Can Cambodia’s Looming Microfinance Disaster be Averted?

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Can Cambodia’s Looming Microfinance Disaster be Averted?

A solution to Cambodia’s spiraling debt crisis is urgently required, but risks uncovering deeper economic problems.

Can Cambodia’s Looming Microfinance Disaster be Averted?
Credit: Flickr/Alpari Org

Now that it is generally agreed that Cambodia’s microfinance sector has utterly failed to achieve its original, honorable goals – and, worse still, has produced a debt crisis that risks driving tens of thousands into poverty and landlessness – attention is turning to possible solutions.

In a recent article, four senior members of Cambodia’s civil society, associated with the Center for Alliance of Labor and Human Rights, argued that “what is needed is relief in the form of debt forgiveness and write-offs, in significant numbers, to prevent borrowers from losing their land en masse.” A fine suggestion, but some of the intricacies must be discussed. First, debt forgiveness for whom? If we assume that not every borrower can have their debts wiped out – given outstanding microfinance debt now exceeds $10 billion, just under a third of GDP – then some criteria must be established. Will debt forgiveness only be extended to the poorest of borrowers, or those most at risk of losing their land or homes put up as collateral, or those most likely to fall further into poverty if they are forced to make repayments?

Should one also examine the reasons for their indebtedness? Put differently, should there be bailouts for unscrupulous debtors who invested unwisely or selfishly, as well as for debtors who genuinely tried to use their loans sensibly but now cannot make repayments, either because of the economic downturn, or because they had no choice in taking on such debt, such as by having to pay for essential medical care?

A report published in December 2018 by Lor Samnang, a researcher at the local think-tank Future Forum, asserted that only one-third of microloans surveyed went towards financing “economic activities,” like opening or expanding businesses, the main purpose of microfinance to begin with. The remainder went on either essential services, such as unexpected medical bills, or on non-profitable spending like consumer goods. Between 2009 and 2017, household consumption more than doubled in Cambodia, from $7.92 billion to $16.78 billion.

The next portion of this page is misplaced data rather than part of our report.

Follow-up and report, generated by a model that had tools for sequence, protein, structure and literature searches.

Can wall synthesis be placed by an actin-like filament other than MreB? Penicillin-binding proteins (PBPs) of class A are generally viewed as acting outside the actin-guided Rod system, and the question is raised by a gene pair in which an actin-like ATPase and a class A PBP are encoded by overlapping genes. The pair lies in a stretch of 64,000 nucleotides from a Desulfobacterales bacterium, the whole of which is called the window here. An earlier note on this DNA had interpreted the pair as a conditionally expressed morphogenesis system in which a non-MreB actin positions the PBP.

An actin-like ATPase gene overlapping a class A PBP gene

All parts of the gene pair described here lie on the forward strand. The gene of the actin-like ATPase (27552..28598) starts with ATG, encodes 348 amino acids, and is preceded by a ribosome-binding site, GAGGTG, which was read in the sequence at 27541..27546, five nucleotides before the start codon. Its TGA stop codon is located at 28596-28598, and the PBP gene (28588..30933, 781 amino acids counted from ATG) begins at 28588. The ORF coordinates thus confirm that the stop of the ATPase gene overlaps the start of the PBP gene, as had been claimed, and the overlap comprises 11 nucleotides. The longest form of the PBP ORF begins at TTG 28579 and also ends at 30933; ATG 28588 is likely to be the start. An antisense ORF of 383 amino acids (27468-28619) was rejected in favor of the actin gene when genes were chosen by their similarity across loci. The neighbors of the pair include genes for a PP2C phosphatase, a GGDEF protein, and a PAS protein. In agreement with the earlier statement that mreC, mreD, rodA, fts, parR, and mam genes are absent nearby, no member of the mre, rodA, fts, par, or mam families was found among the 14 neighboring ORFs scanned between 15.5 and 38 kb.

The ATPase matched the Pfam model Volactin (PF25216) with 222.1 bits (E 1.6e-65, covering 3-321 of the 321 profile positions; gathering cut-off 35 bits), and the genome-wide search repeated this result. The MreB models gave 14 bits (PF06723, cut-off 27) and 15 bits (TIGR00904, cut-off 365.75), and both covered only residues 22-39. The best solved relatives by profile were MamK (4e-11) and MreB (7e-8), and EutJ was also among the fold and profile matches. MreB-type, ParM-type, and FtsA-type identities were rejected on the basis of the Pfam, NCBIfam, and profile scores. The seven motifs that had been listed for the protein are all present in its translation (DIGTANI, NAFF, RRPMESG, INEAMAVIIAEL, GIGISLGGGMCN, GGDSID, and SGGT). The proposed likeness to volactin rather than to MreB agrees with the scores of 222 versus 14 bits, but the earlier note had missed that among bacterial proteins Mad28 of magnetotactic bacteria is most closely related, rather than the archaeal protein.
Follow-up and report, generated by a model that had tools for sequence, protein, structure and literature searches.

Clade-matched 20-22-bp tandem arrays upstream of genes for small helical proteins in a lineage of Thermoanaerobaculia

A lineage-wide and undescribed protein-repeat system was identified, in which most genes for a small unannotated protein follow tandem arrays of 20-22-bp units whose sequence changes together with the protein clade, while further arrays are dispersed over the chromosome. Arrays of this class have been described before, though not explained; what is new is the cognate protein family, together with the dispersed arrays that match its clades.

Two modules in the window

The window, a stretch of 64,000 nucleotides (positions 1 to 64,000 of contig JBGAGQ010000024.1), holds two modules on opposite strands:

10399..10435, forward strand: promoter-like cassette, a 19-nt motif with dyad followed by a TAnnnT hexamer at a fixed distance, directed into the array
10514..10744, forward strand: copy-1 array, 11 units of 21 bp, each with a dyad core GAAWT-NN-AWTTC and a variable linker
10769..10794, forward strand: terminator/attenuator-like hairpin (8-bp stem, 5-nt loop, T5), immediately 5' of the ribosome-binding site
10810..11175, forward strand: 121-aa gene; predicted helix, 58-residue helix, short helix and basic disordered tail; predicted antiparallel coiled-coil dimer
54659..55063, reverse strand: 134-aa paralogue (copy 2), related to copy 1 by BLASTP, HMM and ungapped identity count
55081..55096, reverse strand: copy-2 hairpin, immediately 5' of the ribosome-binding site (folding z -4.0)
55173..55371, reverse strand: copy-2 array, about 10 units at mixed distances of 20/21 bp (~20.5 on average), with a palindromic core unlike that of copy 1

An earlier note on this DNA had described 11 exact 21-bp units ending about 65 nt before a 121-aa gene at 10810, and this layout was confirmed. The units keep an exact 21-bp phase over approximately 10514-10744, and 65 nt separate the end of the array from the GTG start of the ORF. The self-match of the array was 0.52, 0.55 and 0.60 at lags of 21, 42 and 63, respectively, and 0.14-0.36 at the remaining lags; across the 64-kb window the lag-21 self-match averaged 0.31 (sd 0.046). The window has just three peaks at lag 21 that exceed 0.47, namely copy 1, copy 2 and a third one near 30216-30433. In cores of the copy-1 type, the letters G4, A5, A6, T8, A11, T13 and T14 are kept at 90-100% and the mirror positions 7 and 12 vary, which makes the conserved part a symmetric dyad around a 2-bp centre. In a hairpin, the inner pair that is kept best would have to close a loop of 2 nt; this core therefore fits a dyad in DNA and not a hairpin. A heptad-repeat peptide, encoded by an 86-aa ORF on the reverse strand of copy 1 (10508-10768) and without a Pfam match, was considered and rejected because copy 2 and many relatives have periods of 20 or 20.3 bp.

One doesn’t like to resurrect the “deserving poor” versus “undeserving poor” trope, but if the reasons for the individual debt aren’t going to be factored into potential write-offs, then the situation could get messy. For starters, blanket, no-questions-asked write-offs are hardly useful for solving problems of financial illiteracy in Cambodia, which must be factored in as at least one reason for the current situation.

I appreciate that it is a controversial argument, but at some point we must ask how it was that some individuals took on debt they must have known they couldn’t afford, to such an extent that the average microloan is now double GDP per capita. Clearly, many indebted people are victims of the system. But to assume victimhood in all cases doesn’t really help us answer the important questions of what went so terribly wrong, especially if we want to avoid a similar scenario in the future. Another challenge is the social problems that are likely in the event of a selective debt amnesty. Anger would be a natural response if your neighbor had their debt written-off because they couldn’t repay a loan they took out to buy a motorbike while your family was left repaying a loan taken to start a now-failing business.